Grant Gilbert

Here are your 2013 NBA Draft lottery odds (and draft order)


Wednesday night when the games ended (and frankly for a while before that) it was time for half the NBA to start thinking about the upcoming draft.

Friday the league broke the ties and made it official — here is your 2013 NBA Draft lottery odds. And for everyone in the playoffs, the draft order is set.

1. Orlando 25 percent
2. Charlotte 19.9 percent
3. Cleveland 15.6 percent
4. Phoenix 11.9 percent
5. New Orleans 8.8 percent
6. Sacramento 6.3 percent
7. Detroit 3.6 percent.
8. Washington 2.5 percent
9 Minnesota 1.7 percent
10. Portland 1.1 percent
11. Philadelphia 0.8 percent
12. Toronto 0.7 percent
13 Dallas 0.6 percent
14 Utah 0.5 percent

15. Milwaukee
16. Boston
17. Atlanta
18. Atlanta (via Brooklyn and Houston)
19. Cleveland (via LA Lakers
20. Chicago
21. Utah (via Brooklyn and Golden State)
22. Brooklyn
23. Indiana
24. New York
25. LA Clippers
26. Minnesota (via Houston and Memphis)
27. Denver
28. San Antonio
29. Oklahoma City
30. Phoenix (via LA Lakers and Cleveland and Miami)

Here is how the tiebreakers broke out:

• Detroit (29-53) won a tiebreaker with Washington.
• Philadelphia (34-48) won a tiebreaker with Toronto.
• Houston (45-37) won a tiebreaker with Chicago and the L.A. Lakers; L.A. Lakers then won a tiebreaker with Chicago.
• L.A. Clippers (56-26) won a tiebreaker with Memphis.

The NBA Draft lottery is May 21, the draft itself is June 27.

James Harden: “I am the best player in the league. I believe that.”

James Harden, Stephen Curry
1 Comment

James Harden was the MVP last season — if you ask his fellow NBA players.

The traditional award (based on a media vote) went to Stephen Curry (in the closest vote in four years), and that was the right call (in my mind). But from the time it happened Harden did not buy it. And he still doesn’t buy it. In the least — and he’s using that as fuel for this season. That’s what he told Fran Blinebury over at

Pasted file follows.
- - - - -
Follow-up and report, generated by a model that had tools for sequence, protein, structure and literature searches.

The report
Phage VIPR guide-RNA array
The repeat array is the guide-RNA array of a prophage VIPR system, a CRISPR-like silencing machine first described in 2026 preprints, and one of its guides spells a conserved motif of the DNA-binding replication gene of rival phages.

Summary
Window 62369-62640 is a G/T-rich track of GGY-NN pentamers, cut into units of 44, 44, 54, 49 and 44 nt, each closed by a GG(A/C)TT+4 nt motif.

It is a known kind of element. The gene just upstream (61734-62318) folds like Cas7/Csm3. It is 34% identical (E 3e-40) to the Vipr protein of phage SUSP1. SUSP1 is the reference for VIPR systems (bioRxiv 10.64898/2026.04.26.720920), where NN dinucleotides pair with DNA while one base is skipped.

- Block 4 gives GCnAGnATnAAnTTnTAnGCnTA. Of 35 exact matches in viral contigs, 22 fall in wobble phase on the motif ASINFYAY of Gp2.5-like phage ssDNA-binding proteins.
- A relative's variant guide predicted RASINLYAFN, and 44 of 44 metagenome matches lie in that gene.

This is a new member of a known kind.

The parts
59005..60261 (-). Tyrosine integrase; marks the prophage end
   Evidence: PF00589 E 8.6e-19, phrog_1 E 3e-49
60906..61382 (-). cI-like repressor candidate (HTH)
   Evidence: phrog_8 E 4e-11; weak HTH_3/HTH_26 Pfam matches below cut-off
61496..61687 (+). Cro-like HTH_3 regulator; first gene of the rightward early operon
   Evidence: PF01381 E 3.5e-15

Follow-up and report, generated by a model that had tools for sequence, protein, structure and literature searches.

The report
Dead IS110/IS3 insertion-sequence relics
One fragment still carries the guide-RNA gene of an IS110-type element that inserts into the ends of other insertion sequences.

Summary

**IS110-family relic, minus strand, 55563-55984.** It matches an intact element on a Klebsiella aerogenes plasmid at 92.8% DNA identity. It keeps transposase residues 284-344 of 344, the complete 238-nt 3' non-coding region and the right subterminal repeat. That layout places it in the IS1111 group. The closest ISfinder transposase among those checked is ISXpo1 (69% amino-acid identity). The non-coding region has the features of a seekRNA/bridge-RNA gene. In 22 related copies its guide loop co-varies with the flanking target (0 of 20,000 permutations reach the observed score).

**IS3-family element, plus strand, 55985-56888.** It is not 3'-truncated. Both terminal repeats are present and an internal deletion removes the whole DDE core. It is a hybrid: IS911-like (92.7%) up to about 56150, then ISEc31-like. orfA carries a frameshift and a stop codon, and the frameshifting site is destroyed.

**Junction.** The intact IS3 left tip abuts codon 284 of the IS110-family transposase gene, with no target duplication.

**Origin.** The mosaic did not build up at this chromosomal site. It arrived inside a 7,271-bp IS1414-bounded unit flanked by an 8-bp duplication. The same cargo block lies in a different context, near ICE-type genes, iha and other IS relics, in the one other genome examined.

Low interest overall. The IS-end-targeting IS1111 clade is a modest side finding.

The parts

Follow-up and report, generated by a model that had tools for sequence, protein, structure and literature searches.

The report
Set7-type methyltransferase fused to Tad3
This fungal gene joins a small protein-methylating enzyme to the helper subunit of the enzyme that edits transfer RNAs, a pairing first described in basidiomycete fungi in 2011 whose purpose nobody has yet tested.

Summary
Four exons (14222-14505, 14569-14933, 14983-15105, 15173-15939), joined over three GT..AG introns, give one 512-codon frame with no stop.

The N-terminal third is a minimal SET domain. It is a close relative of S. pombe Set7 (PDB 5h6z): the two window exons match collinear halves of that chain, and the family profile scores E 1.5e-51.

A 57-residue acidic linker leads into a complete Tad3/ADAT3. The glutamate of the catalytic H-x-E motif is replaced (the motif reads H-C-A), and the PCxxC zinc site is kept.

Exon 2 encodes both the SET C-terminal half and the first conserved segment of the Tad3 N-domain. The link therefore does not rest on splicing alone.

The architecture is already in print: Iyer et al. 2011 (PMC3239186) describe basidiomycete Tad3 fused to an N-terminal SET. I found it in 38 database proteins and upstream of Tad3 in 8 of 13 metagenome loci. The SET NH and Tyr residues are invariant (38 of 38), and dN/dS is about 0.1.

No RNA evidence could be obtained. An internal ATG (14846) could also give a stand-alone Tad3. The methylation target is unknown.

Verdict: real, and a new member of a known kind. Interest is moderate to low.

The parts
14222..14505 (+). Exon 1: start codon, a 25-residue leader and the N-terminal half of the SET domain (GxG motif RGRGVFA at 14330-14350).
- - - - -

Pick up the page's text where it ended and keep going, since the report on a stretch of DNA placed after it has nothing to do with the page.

“I am the best player in the league. I believe that,” he said. “I thought I was last year, too.”

Well, it’s a more realistic claim than Paul George’s.

“But that award means most valuable to your team. We finished second in the West, which nobody thought we were going to do at the beginning of the year even when everybody was healthy. We were near the top in having the most injuries. We won our division in a division where every single team made the playoffs.

“There’s so many factors. I led the league in total points scored, minutes played. Like I said, I’m not taking anything away from Steph, but I felt I deserved the Most Valuable Player. That stays with me.”

That’s very Kobe Bryant of you to turn that into fuel. Defining the MVP Award is an annual discussion that nobody agrees on.

I could get into how Harden was the old-school, traditional stats MVP, how that ignores how Steve Kerr used Curry, and how that opened up the Warriors’ offense to championship levels. Curry put up numbers, but he was also the distraction, the bright star that Kerr used to open up looks for Klay Thompson, Draymond Green, and others. Curry’s strength was not just what he did with the ball in his hands, but his gravity to draw defenders even when he didn’t. Did the Warriors stay healthier than the Rockets? No doubt. Should Curry be penalized for that?

It’s simple for Harden — if he can put up those numbers again, if he can be the fulcrum of a top offense, he will be in the discussion for MVP again. And, if he can lead the Rockets beyond the conference finals, nobody will talk about that MVP snub anyway.